Love Lessons

❥ Carolyn & Bran Fanning met 59 years ago. “You know the song ‘Some Enchanted Evening?’” asks Bran. “Well, one night, across a crowded room, I saw Carolyn, and said to myself, ‘That’s the girl I’m going to marry.’” Carolyn recalls of the time: “I’d had several beaus, but none seemed exactly right…until I met Bran.” They were living in Illinois, moved to Tiburon in 1960, and now have three daughters and three grandchildren—all living nearby. Bran has served on Tiburon’s town council and as town mayor, while Carolyn lightheartedly claims, “I was the woman behind the throne.” Bran reminisces about their 58 years of marriage: “We’ve had a lot of fun together; we’ve traveled the world, played a lot of golf and have generally enjoyed each other.” Carolyn’s secret to their bliss is more succinct: “We chose right,” she says. Asked to expand, she states, “We took our time, got to know each other and each other’s families; we knew we were compatible before we got married.”

❥ Sharon and Glenn Lehrer met at a swimming pool over 28 years ago. “I was rooming with a buddy in a house that had a pool,” recalls Glenn, “and one afternoon Sharon came over for a swim.”

Sharon, who admits she’s “a bit older than Glenn,” was drawn to the well-built gem cutter from the start. “I detected his feminine energies and was immediately able to connect with him.” And 30 years later, after they’ve not only lived but also worked together at Lehrer Designs, a jewelry studio on Larkspur’s Magnolia Avenue, that feeling has not changed. “I still appreciate his strong yet sensitive and sensual approach to life,” says Sharon.

Likewise, Glenn, 56, was and still is attracted to Sharon’s “whole package.” Sharon has “taught me humility; how to let someone else be strong, and, most of all, how to listen.” Their secret to making the love last: “Good communication about everything,” says Sharon, “especially the uncomfortable issues.” Glenn has two suggestions: “Great sex and plenty of laughter.”

❥ Amy and Tim Galusha met at a family beach party in 1990 and connected instantly, but their relationship would not develop for years. “I was in my first year at Hastings law school and Amy was a freshman at Cal Poly,” says Tim. “The timing just wasn’t right.” So the couple stayed in touch via letters, phone calls, and occasional visits. Years passed before their stars would align. Amy called to say she’d be in San Francisco and wanted to meet for coffee. Tim had different plans: “I was going skiing at Tahoe,” he remembers, adding, “I wanted to see Amy, but for more than coffee.” Plans quickly changed and, three years later, Amy and Tim were married.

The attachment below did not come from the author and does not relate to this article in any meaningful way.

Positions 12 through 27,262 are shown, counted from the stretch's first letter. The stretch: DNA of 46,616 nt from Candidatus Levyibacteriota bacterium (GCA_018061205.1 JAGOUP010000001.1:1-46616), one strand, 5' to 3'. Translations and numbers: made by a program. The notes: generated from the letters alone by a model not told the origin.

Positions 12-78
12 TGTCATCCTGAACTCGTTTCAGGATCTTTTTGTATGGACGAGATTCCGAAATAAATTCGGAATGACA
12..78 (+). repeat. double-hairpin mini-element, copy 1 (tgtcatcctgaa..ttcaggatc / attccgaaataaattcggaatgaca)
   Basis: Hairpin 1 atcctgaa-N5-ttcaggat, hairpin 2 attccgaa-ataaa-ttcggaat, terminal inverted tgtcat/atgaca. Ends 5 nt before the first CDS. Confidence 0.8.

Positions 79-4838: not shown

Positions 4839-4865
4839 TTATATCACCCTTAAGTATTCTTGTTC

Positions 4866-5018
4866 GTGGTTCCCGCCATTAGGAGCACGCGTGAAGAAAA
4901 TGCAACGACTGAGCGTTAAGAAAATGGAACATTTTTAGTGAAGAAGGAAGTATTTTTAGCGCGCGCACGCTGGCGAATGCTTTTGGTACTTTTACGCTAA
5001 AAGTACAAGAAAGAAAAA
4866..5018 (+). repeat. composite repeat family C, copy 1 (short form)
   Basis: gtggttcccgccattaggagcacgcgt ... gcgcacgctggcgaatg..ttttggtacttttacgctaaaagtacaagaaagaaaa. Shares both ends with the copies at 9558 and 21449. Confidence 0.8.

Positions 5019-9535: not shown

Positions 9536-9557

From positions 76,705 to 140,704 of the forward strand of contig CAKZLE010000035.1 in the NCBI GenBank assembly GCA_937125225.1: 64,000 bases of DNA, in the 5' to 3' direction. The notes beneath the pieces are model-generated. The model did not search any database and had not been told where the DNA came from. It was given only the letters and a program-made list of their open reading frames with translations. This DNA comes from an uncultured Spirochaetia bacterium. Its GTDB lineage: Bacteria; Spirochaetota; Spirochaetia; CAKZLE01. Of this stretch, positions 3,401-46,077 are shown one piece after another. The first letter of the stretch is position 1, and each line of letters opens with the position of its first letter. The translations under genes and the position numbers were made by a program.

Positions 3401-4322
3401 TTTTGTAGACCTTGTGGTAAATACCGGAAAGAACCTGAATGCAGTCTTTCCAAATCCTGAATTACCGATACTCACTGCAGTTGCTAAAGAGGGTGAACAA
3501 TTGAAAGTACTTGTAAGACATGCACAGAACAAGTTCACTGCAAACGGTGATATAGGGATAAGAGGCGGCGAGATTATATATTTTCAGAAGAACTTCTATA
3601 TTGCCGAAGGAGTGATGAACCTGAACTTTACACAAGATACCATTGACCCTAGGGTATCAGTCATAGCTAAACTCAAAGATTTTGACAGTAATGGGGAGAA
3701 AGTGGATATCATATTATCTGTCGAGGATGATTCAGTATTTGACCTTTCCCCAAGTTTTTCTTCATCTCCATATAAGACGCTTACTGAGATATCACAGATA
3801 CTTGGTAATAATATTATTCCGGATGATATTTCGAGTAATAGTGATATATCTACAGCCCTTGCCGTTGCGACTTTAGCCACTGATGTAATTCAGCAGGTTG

They now have three young children and live in Novato. Tim is an attorney while Amy enjoys her active family life and part-time work as a marriage and family therapist. “I’m still trying to learn her ways,” admits Tim, “but that’s exciting; it’s interesting and it’s a challenge.” Both he and Amy acknowledge the role humor plays in a successful marriage. “I don’t think either of us takes things too seriously,” Tim says. “We’re light-hearted people,” Amy adds. She does offer a serious bit of advice: “We both realize that nothing lasts forever—neither the good times nor the bad—they are both temporary. So we try to cherish what’s really important.”

❥ Tanya Zilinskas Naouri and Daoud Naouri met online. “But it wasn’t an online dating site,” Tanya, 30, quickly says, “It was a social networking page.” To that, Daoud, 36, adds, “we’ve been married a year, but we lived together for almost five years.” So, did marriage change anything? “Not really,” they answer, almost in unison. “It was the next natural step,” they add, again nearly in chorus.

 “First of all, we’re really good friends,” says Tanya, an online retailer. “And we love each other,” finishes Daoud, who’s in telecom sales. Come on, haven’t you two ever had a good argument? “Things got a tad tense when we were renovating our house,” admits Tanya. “It had been neglected for five years,” adds Daoud. Okay, how did they work through it?

“Our typical fight,” says Daoud, “is to explode, then comes silence, then we apologize, then we laugh about it.” After nodding in agreement, Tanya shares her secret to marital happiness: “You have to think—and I mean really think—about how the other person is feeling,” she says. “Daoud’s feelings are just as important to him as mine are to me.”